Playbook Parable: Manu Ginobili/Tim Duncan Side Pick and Roll

“Can I tell you something?”

“Yeah. Of course.”

She stares at me. Not a harsh, stabbing stare of anger or accusation, she just wants to make sure I’m paying attention. How could I not? Every time she fixes those hazel tractor beams on me, I’m paralyzed. The world around me—the soft breeze, the gnarled wooden dock we’re sitting on, the still lake that’s slowly freezing our naked feet—melts. The only thing left, the only thing that matters, is her.

She bites her lip. She always does that when she’s trying to find the exact words.

“I used to think you were so fucking boring.”

The words leave her in a hurry, as if they’ve been trying to escape for years and she’s only now granting their release. An eternal moment passes. She breaks her stare, and the world returns. Now she’s looking down at her feet. She always does that when she thinks she’s upset me.

“Boring?” I ask, not upset, just surprised.

“Just… you drank water when everyone else was taking shots.” She stops. She swears silently; that wasn’t what she wanted to say. “We were young, we did stupid stuff. We drank and smoked and hooked up and had sex, the stuff you’re supposed to do when you’re young. But you never did. You were old even when you were young.”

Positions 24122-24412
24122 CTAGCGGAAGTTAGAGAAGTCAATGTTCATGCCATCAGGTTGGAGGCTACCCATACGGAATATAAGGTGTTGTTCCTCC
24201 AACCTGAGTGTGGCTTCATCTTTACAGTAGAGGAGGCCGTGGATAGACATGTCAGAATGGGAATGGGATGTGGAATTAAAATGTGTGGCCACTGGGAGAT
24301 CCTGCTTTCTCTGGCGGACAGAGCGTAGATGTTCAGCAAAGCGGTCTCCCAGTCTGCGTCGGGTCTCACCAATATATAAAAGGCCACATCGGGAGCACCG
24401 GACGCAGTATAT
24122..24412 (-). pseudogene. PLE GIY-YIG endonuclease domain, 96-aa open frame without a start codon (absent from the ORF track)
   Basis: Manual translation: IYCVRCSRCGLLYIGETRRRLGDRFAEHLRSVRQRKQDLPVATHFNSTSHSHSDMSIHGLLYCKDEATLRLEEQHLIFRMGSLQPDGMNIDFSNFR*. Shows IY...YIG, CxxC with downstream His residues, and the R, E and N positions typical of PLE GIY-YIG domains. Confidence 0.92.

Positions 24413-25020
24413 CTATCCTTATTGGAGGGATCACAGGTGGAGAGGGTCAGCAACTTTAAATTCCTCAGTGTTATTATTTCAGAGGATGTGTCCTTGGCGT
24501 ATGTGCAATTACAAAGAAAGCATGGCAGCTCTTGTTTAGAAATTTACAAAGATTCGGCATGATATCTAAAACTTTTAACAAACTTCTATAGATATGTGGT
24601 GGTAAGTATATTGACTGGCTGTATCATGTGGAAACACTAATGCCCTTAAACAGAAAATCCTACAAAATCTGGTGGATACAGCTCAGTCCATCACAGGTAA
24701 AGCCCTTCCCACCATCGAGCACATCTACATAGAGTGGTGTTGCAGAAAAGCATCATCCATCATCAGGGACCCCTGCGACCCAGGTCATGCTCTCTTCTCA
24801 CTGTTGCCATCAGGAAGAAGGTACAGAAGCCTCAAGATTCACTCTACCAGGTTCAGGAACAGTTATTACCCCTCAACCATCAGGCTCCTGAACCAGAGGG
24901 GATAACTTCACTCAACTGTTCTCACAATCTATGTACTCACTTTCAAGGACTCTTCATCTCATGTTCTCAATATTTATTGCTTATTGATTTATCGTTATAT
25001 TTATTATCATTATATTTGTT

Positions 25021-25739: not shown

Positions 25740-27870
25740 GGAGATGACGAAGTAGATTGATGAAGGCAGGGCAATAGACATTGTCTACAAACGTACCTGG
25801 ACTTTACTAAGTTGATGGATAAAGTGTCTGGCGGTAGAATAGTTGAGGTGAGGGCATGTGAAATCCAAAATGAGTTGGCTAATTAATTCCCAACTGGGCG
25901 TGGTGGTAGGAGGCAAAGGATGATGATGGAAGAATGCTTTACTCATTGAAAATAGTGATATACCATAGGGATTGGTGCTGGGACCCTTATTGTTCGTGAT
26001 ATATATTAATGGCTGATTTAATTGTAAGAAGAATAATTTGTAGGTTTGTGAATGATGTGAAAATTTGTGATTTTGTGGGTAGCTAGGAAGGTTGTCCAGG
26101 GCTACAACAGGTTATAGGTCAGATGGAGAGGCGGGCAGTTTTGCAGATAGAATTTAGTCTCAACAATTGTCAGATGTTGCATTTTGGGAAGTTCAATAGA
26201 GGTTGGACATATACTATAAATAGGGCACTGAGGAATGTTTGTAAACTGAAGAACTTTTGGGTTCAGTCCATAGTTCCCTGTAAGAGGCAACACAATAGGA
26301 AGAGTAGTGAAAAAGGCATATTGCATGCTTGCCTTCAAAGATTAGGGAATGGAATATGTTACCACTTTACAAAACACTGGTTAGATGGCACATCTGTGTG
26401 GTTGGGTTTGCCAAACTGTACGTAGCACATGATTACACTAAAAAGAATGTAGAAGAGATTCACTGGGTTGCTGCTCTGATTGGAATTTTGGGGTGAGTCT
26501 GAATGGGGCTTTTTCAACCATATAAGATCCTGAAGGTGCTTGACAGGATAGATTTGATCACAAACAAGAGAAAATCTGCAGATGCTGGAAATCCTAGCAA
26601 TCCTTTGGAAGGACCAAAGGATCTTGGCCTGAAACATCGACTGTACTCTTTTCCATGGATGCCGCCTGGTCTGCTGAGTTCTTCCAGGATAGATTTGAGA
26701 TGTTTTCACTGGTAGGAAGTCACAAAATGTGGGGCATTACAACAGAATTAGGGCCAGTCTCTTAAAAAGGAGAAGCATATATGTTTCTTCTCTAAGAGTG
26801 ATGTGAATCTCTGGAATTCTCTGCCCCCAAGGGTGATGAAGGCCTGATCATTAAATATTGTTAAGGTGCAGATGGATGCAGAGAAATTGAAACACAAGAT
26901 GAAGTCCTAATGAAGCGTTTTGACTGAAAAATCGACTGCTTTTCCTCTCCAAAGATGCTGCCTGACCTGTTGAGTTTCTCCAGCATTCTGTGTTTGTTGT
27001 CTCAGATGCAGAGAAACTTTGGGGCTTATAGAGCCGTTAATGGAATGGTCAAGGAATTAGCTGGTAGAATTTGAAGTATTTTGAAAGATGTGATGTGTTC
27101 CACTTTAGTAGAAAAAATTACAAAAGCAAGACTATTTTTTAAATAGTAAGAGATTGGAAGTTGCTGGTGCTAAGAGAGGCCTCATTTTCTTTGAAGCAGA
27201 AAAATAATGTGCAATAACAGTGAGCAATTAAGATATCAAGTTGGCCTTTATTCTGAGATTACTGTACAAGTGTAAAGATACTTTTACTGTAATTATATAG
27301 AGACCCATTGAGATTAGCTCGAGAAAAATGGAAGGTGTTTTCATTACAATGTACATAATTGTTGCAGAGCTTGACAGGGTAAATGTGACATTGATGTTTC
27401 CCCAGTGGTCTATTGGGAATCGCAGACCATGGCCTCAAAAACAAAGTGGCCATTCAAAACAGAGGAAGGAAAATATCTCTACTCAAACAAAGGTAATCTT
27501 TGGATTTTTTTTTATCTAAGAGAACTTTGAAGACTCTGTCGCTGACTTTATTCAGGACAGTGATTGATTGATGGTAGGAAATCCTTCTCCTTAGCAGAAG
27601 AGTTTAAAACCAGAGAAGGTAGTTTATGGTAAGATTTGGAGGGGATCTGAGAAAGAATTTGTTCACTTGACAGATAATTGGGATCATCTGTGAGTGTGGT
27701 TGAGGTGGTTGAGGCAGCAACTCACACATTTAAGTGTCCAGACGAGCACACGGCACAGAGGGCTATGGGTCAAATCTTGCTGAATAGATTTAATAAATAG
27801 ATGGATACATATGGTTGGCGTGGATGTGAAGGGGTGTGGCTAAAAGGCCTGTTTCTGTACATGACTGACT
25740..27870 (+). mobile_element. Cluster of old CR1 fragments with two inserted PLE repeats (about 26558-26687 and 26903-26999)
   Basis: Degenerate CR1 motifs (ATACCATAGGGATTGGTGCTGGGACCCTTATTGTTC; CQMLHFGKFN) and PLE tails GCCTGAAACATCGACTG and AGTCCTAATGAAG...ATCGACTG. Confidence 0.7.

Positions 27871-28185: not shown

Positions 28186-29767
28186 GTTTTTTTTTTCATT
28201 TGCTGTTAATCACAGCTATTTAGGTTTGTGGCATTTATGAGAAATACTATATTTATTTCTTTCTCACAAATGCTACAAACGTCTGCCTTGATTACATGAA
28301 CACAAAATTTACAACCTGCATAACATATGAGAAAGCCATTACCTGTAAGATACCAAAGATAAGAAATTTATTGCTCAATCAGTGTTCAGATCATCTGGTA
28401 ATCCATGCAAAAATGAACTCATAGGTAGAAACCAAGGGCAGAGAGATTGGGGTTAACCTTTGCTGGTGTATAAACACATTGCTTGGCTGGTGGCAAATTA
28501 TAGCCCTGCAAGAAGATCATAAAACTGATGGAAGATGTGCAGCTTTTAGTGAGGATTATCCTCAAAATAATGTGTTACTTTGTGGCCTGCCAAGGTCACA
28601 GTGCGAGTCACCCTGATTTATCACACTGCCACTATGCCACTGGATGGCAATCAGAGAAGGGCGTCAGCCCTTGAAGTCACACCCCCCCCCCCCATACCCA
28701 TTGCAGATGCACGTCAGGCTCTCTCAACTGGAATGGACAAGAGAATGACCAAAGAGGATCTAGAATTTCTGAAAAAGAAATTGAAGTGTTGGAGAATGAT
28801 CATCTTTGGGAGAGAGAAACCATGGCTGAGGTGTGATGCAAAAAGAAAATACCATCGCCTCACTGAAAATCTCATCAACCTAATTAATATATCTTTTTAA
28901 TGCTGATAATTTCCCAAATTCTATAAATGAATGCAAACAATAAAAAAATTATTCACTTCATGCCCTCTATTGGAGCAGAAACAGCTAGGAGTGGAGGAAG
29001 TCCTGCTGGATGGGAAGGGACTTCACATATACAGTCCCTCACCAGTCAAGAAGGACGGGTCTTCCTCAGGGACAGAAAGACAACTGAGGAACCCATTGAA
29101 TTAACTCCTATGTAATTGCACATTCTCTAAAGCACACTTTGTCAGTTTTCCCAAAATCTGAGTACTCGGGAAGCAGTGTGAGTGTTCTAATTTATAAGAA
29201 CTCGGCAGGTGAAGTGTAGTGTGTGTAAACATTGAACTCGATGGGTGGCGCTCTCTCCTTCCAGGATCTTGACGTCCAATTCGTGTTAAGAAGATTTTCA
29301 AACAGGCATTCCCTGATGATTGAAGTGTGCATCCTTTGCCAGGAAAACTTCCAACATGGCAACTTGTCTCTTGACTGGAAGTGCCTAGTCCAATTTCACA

“And that’s bad?”

“No. I never said it was bad. Honestly, it’s what made you great. You were reliable, dependable. You were always there and you could always be counted on. But it also made you so damn boring.”

A silence surrounds us. I’m still staring where her eyes held me.

“Well, if I’m boring you, maybe I should go.” I put my hands on the aged wood, about to push myself up. I’m faking, of course, and she knows that.

“Shut up,” she says with a smile, kicking water onto my shorts. “I said ‘used to.’ I’m older, now. Being stupid and wild and out of control isn’t fun anymore. But you’ve changed too. I’ve never seen you more active, or laugh harder, or, fuck, just enjoy life as much as you do. You’re older, but I think, maybe, you’re also younger.”

“Maybe we’ve both changed.”

The stare returns, and once again the world fades.

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Ed. note: Inspiration for this post/series comes from the terrific music blog Said The Gramophone


Jordan White

Jordan White loves basketball, loves writing and loves writing about basketball. He marvels at every Ricky Rubio pass and cries after every Brandon Roy highlight. He grew up in Kansas, where, contrary to popular belief, there is running water, electricity, and no singing munchkins. Follow him on Twitter: @JordanSWhite